As you guys know, I watched “Food, Inc.” the other night. Actually, I have watched it twice now because I wanted to make sure I absorbed as much as I could. I think if I watched it again, I’d likely pick up something else I missed the first two times.
Anyway, for those of you who aren’t familiar with the movie, “Food, Inc.” is a film that explores the relationship between our food supply and the big corporations that control it all. It also tells the stories of farmers who are forced to borrow money and not make much in return. And a woman fighting for stricter government standards after her son died from E Coli.
There’s so much more to it than that but I thought it would be better for me to stop there and just share my thoughts with you:
First, I became a vegan for health reasons as I’ve mentioned several times. But this movie was really the first time I had watched something that showed animals being led to their deaths. I was horrified.
What really got me was the assembly line of baby chickens. This happened in the first five minutes of the movie and I cried. There were a few more instances like this in the film but it wasn’t the primary focus, in case you were afraid to watch it for that reason.
Here are some things I learned from the film that I didn’t know before:
- Even if you don’t eat fast food, you are still eating meat from one of the “big” companies (4 companies control 80% of the beef in America)
- The average American eats 200 lbs of meat per year!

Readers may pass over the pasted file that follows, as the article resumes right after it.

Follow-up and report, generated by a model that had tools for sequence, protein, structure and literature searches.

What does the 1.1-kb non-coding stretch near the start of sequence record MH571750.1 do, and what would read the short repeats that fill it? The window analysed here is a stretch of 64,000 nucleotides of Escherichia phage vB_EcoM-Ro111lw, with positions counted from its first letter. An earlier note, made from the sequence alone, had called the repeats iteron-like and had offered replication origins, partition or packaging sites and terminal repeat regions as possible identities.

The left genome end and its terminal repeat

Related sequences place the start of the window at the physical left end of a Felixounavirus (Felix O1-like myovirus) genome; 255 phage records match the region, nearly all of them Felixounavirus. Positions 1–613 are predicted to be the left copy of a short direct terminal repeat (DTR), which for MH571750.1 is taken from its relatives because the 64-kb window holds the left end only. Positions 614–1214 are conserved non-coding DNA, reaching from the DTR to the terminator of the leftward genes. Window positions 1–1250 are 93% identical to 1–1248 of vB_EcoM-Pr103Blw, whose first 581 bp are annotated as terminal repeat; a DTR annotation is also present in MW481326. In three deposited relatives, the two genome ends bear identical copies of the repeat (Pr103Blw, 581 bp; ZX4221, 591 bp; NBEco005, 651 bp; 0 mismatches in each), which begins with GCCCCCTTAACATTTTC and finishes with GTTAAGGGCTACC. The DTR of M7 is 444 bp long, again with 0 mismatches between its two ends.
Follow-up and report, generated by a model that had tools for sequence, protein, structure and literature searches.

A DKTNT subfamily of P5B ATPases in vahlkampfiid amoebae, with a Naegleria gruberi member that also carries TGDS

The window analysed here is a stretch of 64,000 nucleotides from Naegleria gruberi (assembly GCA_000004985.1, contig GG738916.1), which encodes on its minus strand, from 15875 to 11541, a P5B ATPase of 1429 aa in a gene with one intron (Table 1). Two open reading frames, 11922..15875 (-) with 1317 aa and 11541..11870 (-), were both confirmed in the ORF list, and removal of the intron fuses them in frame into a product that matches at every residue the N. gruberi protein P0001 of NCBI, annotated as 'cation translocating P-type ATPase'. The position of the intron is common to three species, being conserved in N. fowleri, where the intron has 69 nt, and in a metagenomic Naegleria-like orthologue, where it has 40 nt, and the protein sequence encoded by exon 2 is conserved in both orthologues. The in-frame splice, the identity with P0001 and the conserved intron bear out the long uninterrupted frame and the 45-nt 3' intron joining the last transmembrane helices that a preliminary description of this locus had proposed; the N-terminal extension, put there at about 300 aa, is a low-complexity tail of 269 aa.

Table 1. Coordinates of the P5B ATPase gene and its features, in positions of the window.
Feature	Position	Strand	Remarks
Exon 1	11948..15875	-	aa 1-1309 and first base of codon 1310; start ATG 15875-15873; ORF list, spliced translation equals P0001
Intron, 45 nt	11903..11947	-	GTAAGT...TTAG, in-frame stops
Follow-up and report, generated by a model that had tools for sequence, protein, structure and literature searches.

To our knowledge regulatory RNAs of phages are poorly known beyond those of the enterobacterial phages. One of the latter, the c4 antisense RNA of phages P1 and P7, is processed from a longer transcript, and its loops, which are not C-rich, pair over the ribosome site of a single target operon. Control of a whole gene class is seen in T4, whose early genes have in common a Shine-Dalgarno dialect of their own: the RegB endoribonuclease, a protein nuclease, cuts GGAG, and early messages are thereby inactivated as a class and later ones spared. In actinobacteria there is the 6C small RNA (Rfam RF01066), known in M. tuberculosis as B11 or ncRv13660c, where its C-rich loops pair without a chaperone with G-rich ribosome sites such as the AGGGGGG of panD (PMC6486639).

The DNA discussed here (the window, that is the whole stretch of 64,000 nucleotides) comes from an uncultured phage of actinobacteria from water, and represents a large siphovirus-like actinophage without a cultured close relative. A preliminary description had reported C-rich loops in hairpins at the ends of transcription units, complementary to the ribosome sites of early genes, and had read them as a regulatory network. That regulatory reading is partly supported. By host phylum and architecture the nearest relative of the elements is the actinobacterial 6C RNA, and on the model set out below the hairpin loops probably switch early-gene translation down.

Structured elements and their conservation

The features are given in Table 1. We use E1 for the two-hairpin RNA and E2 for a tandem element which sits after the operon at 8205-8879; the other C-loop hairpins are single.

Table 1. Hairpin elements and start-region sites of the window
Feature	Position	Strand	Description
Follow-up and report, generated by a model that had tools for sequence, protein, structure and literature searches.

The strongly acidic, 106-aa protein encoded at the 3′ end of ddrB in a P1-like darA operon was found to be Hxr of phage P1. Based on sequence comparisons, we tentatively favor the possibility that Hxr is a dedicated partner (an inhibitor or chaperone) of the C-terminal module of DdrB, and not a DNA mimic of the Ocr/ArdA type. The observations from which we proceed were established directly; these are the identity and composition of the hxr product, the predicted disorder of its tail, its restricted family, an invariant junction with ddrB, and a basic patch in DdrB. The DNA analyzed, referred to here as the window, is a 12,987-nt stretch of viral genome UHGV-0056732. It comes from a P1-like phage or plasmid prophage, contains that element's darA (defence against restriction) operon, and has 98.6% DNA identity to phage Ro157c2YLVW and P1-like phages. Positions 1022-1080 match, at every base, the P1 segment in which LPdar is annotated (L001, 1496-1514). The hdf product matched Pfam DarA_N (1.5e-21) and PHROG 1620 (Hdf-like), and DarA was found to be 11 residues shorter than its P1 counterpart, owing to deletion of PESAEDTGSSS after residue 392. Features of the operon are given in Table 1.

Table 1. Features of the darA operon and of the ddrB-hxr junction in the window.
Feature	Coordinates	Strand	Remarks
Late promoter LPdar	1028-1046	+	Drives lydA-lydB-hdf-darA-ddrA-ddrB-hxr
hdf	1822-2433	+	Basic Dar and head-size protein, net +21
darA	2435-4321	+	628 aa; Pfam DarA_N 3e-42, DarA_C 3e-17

- There are only 13 slaughterhouses in the U.S., where all of the meat here comes from.
- Cows are meant to eat grass but they are fed corn because it is cheap and makes them fatter quicker.
- The FDA has reduced it’s number of inspections over the years, big time!
I really enjoyed the commentary by Michael Pollan. I have not yet read his books but he came to visit my workplace a year or so ago and I got the chance to hear him speak. The man knows a lot about food!
I also had an “Oh, great!” moment when I saw the farmer from McLean County, KY. I didn’t even know the place existed but I looked it up and it’s more Western KY, like where Josh’s grandma lives.
Anyway, that guy seemed to care more about making money than anything. It was sad. Especially considering it’s in my state.
I also found it disappointing that the big companies all declined to be interviewed for the film. I would have liked to hear their side of the story but I guess if they won’t even comment, then I just have to assume what they are reporting on in this film is true. They obviously have something to hide.
I already don’t eat meat but one thing I could stand to do more of is shop at Farmer’s Markets. The “season” is coming to a close soon for most markets but I found one here in Louisville that is open until mid-December so I thought I would try to get out there before it closes.
I also remembered a market that I’d been too with my parents a few times which has a lot of local goods, so I think I will make a trip out there as well.
Next summer, when all the markets are back open, I hope to get all of my produce from there!
It will be a gradual process but I hope to also convert some of my purchases to organic. I’d been hesitant in the past due to cost, but since I avoid meat and dairy products in order not to consume hormones or antibiotics, why not hold my the food I do eat to the same standards?
I really enjoyed the film and it really made me think and realize that while I care a lot about being healthy and vegan, I need to be more conscious of where all of my food is coming from and what is in it.
“You can change the world with every bite.”
Have you seen this movie? What did you think?
There is so much more to it than the little bit I covered here. I hope you will rent it and see for yourself. Have a great day!